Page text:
Send to

Choose Destination
Sci Rep. 2015 Dec 4;5:17527. doi: 10.1038/srep17527.

Distinct predictive performance of Rac1 and Cdc42 in cell migration.

Author information

Graduate School of Informatics, Kyoto University, Sakyo, Kyoto, Japan.
Imaging Platform for Spatio-temporal Information, Graduate School of Medicine, Kyoto University, Sakyo, Kyoto, Japan.
Graduate School of Science, University of Tokyo, Bunkyo, Tokyo, Japan.
Graduate School of Biostudies, Kyoto University, Sakyo, Kyoto, Japan.


We propose a new computation-based approach for elucidating how signaling molecules are decoded in cell migration. In this approach, we performed FRET time-lapse imaging of Rac1 and Cdc42, members of Rho GTPases which are responsible for cell motility, and quantitatively identified the response functions that describe the conversion from the molecular activities to the morphological changes. Based on the identified response functions, we clarified the profiles of how the morphology spatiotemporally changes in response to local and transient activation of Rac1 and Cdc42, and found that Rac1 and Cdc42 activation triggers laterally propagating membrane protrusion. The response functions were also endowed with property of differentiator, which is beneficial for maintaining sensitivity under adaptation to the mean level of input. Using the response function, we could predict the morphological change from molecular activity, and its predictive performance provides a new quantitative measure of how much the Rho GTPases participate in the cell migration. Interestingly, we discovered distinct predictive performance of Rac1 and Cdc42 depending on the migration modes, indicating that Rac1 and Cdc42 contribute to persistent and random migration, respectively. Thus, our proposed predictive approach enabled us to uncover the hidden information processing rules of Rho GTPases in the cell migration.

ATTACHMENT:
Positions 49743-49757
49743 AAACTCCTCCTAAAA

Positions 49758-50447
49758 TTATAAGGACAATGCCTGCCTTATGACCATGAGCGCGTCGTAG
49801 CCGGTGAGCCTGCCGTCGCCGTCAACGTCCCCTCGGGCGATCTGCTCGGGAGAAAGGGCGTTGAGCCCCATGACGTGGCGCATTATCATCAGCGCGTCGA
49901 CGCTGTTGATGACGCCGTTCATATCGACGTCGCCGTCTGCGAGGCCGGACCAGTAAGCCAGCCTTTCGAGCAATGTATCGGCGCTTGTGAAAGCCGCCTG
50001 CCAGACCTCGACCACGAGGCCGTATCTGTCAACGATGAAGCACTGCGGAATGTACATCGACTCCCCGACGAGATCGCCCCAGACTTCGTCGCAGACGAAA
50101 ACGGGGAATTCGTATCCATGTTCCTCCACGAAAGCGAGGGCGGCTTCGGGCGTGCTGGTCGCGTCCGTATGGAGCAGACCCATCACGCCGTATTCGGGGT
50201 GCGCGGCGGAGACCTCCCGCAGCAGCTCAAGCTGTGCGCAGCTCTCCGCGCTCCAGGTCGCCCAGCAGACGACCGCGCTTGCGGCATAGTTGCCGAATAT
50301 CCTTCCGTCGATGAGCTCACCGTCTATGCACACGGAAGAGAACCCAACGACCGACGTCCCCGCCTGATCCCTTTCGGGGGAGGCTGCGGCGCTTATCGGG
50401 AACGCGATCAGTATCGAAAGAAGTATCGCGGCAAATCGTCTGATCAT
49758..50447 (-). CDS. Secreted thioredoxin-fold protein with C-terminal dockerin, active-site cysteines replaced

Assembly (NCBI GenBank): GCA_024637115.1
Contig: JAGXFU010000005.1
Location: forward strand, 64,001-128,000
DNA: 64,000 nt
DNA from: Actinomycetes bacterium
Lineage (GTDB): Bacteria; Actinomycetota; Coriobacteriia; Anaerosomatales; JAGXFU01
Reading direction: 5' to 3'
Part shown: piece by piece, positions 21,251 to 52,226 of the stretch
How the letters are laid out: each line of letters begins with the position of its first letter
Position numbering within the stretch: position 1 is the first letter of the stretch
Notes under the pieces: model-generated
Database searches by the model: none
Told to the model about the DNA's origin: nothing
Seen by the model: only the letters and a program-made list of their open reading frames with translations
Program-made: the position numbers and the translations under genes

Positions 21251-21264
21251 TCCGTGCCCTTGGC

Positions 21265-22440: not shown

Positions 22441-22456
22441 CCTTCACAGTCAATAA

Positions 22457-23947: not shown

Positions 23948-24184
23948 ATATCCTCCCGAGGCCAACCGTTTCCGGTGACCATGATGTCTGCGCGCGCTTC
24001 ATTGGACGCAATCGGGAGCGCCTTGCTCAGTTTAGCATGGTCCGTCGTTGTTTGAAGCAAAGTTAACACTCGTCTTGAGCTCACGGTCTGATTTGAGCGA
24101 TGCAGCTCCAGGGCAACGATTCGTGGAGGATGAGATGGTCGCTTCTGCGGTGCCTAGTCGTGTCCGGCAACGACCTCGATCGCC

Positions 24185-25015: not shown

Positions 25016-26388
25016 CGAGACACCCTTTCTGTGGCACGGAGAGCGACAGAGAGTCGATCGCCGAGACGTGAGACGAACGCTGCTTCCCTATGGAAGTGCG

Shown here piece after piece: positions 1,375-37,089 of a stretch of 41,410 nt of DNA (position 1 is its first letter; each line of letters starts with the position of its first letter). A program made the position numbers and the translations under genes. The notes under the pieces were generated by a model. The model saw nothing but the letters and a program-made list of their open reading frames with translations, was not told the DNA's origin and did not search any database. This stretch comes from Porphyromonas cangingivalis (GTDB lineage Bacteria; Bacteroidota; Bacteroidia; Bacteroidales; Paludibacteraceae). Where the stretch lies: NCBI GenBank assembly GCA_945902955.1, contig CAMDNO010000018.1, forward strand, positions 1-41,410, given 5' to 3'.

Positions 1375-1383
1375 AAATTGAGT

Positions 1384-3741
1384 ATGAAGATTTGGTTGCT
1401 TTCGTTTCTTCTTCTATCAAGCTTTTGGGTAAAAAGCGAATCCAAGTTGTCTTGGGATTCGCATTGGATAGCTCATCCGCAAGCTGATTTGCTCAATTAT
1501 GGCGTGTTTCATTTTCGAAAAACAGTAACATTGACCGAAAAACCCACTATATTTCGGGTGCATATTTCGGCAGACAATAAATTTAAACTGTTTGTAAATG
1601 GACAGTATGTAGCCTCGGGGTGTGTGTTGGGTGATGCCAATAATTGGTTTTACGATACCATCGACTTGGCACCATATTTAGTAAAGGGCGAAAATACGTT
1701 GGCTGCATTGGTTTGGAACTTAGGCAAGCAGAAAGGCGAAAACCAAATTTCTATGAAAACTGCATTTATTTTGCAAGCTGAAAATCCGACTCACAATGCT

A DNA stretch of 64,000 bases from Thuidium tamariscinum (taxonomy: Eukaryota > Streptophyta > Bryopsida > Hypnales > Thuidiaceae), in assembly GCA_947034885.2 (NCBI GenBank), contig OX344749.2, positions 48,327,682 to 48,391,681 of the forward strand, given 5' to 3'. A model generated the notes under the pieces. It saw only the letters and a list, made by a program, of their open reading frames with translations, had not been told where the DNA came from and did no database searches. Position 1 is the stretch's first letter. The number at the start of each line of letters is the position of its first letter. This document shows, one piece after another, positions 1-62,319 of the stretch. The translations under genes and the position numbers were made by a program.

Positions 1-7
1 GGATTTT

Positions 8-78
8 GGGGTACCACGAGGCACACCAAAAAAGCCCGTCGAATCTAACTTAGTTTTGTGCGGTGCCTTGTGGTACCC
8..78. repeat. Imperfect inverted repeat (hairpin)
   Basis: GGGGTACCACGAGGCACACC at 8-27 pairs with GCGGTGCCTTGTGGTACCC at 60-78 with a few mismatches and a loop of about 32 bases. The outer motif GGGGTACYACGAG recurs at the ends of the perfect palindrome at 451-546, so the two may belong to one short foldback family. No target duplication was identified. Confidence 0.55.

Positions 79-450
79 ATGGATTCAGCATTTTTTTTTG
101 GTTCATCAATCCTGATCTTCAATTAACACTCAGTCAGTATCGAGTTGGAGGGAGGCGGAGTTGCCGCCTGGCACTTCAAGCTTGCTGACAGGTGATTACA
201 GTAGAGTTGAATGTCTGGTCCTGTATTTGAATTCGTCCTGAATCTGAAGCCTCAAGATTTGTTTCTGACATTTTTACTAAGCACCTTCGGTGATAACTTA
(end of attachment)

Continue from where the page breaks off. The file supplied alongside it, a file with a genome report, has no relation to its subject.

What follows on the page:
[Indexed for MEDLINE]
Free PMC Article

Supplemental Content

Full text links

Icon for Nature Publishing Group Icon for PubMed Central
Loading ...
Support Center